Dominant Needs Analysis

a powerful and systematic psychometric

dna new
map with arrows and symbols

For every action there is a reaction.  Perhaps you remember this from physics at school.  Whatever we think or do is a reaction to something else: a response to a motive.  From a human perspective, what ultimately motivates us is need.  Different needs demand different things to satisfy them.  We sift, select and pursue these things according to our values.  Our values are what make us tick.  They are the reason we do what we do.

Motives matter more than actions because the former determines the latter.  Two people may do the same thing - say, help an elderly neighbour - but what matters more is why they do it.  Are they driven by benevolence or power?  Are they just being cooperative or are they seeking to win trust that they may later exploit?

Individuals driven most by progressive and cooperative values are more open, creative, ethical and collaborative.  They innovate where others replicate.  They inspire confidence and trust.  Where others fear to stray from well beaten paths, they lead the way on roads less travelled.  Unfortunately, large organisations tend to develop leadership cultures based on competitive values, and so attract individuals with mindsets least well suited to address the challenges of the VUCA world.  One only needs to look at governments around the world to see what the consequences of this are.

Dominant Needs Analysis (DNA) has individuals complete a 40 item multiple choice questionnaire, which takes about 10 minutes.  This enables the generation of a personal profile describing the relative importance an individual attaches to the ten values shown above.  Because our values work as a system - i.e. every one affects every other - and the level of importance we may attach to each is infinitely variable, vast amounts of information about what makes a person tick may be gathered from this easy to collect data.  Because our values guide our perceptions, thoughts, decision-making and behaviour in any given environment, the insights available from a DNA report are quite remarkable.

3 figures values

A DNA personal report presents an individual's values profile in three figures.  An overall snapshot is provided by a single red marker showing where the balance of their motivational system is in relation to the ten values and five motivational types (represented by the symbols).  The philosopher's stone symbol (top right) represents the Philosopher DNA type (associated with Transformational leadership), and the bow symbol (bottom left) represents the Hunter DNA type (associated with Transactional leadership).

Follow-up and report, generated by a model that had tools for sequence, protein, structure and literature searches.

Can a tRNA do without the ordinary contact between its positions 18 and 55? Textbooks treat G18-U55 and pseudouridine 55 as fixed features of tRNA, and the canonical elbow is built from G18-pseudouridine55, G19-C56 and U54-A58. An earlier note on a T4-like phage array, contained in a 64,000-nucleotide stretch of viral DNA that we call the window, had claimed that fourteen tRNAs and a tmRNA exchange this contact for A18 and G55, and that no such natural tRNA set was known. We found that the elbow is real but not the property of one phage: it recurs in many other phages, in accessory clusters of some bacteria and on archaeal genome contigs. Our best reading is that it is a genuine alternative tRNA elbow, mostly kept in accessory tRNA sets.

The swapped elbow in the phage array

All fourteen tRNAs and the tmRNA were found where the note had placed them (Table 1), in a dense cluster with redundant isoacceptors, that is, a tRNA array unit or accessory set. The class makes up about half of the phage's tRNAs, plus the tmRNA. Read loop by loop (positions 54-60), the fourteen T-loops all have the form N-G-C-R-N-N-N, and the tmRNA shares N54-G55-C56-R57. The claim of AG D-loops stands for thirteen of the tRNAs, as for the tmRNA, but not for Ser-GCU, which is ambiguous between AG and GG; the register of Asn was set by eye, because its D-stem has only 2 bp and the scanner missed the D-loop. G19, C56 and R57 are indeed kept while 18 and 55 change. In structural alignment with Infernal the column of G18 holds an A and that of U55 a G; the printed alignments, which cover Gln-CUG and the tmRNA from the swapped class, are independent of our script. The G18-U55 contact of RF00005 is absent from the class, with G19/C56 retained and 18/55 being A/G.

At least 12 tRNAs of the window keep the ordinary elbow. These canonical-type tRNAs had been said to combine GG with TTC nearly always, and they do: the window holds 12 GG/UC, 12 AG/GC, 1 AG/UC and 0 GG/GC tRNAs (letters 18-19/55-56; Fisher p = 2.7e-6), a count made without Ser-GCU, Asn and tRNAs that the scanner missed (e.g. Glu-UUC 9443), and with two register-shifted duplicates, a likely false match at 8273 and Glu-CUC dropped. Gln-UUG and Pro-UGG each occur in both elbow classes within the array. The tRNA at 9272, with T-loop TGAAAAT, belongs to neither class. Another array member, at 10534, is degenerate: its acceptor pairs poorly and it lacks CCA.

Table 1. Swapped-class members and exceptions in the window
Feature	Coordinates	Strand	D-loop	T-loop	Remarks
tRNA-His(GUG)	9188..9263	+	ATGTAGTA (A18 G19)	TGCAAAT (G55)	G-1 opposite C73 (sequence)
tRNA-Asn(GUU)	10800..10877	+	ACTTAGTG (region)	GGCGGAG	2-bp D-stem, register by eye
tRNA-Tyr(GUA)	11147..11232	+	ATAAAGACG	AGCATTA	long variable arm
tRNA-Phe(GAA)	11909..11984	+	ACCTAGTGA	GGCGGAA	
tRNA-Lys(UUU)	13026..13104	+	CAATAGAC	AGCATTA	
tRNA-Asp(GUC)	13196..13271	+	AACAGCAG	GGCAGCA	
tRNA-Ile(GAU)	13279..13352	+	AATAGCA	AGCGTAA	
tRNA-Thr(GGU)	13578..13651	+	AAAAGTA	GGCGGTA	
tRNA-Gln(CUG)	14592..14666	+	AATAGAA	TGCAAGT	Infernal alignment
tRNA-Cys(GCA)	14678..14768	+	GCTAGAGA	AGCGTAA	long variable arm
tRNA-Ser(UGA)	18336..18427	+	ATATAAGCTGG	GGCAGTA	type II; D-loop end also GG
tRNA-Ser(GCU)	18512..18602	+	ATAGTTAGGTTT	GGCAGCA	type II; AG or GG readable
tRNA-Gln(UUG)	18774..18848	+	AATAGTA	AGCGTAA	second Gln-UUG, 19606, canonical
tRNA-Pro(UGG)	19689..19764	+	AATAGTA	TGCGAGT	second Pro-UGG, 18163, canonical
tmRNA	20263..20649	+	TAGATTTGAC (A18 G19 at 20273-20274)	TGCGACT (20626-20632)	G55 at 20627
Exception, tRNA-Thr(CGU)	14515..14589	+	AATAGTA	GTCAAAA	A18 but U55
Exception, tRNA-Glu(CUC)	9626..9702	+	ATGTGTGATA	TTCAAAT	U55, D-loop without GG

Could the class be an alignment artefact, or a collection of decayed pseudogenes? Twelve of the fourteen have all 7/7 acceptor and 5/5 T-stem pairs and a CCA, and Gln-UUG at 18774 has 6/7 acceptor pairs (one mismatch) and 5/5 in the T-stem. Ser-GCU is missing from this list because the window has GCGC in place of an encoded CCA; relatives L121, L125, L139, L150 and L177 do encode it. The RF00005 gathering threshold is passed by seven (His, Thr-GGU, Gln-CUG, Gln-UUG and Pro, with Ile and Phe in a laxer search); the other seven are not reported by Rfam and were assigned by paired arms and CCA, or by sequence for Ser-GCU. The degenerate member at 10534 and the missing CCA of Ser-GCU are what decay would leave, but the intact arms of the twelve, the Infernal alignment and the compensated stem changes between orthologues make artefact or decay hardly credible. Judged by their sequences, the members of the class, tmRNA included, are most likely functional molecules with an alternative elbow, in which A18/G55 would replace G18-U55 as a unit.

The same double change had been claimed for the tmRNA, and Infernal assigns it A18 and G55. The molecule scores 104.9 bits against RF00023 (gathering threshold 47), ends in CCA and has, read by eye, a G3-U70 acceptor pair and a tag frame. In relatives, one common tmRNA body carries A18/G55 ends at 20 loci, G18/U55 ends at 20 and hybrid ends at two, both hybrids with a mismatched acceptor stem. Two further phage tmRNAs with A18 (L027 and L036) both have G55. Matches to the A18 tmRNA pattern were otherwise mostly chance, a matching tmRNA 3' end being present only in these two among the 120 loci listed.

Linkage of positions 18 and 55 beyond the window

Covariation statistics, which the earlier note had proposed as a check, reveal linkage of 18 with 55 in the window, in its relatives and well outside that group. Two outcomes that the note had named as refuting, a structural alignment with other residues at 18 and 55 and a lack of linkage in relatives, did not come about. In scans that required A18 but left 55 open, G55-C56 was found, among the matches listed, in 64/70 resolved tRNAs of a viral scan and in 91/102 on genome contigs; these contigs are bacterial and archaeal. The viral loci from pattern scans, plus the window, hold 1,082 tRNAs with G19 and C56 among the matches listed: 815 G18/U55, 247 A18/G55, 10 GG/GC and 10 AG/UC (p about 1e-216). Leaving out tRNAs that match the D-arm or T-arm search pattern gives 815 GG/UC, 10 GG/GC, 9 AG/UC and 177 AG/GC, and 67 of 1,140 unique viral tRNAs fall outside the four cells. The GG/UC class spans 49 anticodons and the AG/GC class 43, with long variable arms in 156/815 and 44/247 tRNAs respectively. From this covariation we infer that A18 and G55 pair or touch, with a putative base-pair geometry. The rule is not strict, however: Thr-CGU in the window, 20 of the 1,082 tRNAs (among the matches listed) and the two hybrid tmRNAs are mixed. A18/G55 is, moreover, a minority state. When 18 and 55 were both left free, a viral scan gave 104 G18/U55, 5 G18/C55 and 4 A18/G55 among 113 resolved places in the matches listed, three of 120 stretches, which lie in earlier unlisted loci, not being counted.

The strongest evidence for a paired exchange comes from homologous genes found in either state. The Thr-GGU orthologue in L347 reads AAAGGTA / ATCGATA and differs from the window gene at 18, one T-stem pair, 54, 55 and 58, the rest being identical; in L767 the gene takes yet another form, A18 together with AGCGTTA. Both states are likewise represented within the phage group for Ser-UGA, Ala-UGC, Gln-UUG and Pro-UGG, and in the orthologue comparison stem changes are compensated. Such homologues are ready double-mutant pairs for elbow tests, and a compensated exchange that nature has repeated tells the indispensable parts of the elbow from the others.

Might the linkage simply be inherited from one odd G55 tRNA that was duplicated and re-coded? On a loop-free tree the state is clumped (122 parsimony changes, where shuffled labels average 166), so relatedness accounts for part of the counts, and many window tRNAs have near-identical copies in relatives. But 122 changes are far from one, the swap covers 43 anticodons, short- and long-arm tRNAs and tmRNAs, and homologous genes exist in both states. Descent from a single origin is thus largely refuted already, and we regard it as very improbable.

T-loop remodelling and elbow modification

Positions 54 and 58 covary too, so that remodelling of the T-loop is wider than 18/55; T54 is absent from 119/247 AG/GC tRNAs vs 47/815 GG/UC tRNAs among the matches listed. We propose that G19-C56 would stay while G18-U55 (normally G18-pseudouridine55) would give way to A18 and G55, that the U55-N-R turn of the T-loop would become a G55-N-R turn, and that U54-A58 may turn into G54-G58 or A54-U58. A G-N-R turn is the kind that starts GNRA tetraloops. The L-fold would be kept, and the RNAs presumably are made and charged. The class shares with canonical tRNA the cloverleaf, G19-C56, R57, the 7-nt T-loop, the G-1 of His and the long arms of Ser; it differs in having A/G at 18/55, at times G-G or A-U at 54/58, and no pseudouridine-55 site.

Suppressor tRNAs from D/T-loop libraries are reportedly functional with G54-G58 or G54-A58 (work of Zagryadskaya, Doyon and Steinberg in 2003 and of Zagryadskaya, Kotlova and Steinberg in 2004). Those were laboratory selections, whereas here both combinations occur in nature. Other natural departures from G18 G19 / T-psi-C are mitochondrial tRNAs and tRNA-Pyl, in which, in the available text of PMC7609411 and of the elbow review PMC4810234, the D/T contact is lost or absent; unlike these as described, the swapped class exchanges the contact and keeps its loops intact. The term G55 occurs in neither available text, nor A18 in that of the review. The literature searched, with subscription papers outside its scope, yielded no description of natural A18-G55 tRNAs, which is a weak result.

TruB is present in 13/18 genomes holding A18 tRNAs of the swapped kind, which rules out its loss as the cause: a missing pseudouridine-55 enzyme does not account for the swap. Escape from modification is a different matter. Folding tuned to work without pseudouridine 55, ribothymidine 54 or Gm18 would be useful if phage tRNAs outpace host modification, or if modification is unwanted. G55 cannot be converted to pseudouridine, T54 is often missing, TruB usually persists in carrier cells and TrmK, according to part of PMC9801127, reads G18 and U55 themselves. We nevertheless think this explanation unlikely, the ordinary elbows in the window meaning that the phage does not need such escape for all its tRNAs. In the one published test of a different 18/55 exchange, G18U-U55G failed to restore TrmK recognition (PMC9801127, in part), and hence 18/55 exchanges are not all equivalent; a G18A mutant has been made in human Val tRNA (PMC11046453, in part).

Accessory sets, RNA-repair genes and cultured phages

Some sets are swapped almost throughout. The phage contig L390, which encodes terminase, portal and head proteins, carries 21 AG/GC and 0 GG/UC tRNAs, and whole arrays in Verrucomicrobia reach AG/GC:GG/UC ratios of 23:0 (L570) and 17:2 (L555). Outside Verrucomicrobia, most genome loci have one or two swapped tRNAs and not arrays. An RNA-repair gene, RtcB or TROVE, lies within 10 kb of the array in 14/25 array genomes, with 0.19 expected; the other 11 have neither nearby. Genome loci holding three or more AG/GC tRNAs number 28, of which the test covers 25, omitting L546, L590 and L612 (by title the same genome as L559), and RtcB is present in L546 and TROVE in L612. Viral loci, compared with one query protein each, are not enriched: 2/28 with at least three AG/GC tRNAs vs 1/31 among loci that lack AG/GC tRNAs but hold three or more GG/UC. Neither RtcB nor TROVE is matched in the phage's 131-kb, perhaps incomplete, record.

The second graphic represents the relative importance a person attaches to the ten values by the size of radial segments: the larger the segment the more important the value.  This layout helps easily identify the values conflicts responsible for conflicted thinking, mixed motivations and stress.

The third presents the same information but in a developmental progression from left to right.  This helps easily illustrate where areas of development lie.  A smooth wave shape is indicative of a motivational system in which energy is harmoniously invested in meeting sympathetic needs.  In the example shown it is apparent that security (safety) is both in conflict with the opposing values in the second graphic and a barrier to development in the third.  This is likely responsible for reducing the importance of self-direction (independent thought and action), resulting in a disruption of the wave between stimulation (novelty and adventure) and universalism (wisdom) and too much importance being given to achievement (proving oneself to others).

The wording in the report explains what the graphics mean, describes the effects the person's value priorities are having, and explores areas for development.

Because personal values evolved from and represent equivalents that may be inferred in all systems, we can use DNA reports to relate individuals to each other, the roles they perform, the culture and purpose of organisations, and to the markets and environments they operate in.

"My thoughts are that it is a more rational, useful & specific assessment than others I have done. I thought it was particularly useful where the analysis elaborated on challenge areas & posed potential avenues to explore. For example, the commentary in my report really exposed the nub of a few behaviours I have noticed in myself but have never been able to figure out why. The report also got me thinking about where I may fit best within the company to maximise my personal effectiveness. Other assessments I have done include MBTI type 1 and type 2s, career anchors, behavioural competencies. They have all shed light on personal behaviour but the DNA report took it to another level for me. I would score it as a 10/10 & would be happy to elaborate further if that would be helpful."

DNA has been deployed extensively in connection with research and in other projects with which we have been involved.  The above feedback came from a leader at Rolls Royce who had been a corporate research participant.  Rolls Royce had experienced some initial internal technical difficulties with access to the questionnaire and wanted the few that had gained access to score their DNA report out of 10 to see whether it was worth sorting these problems out.  This was the first response.  All the others were similarly approving.

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We are always interested to learn what other organisations are doing and explore how we might be able to help.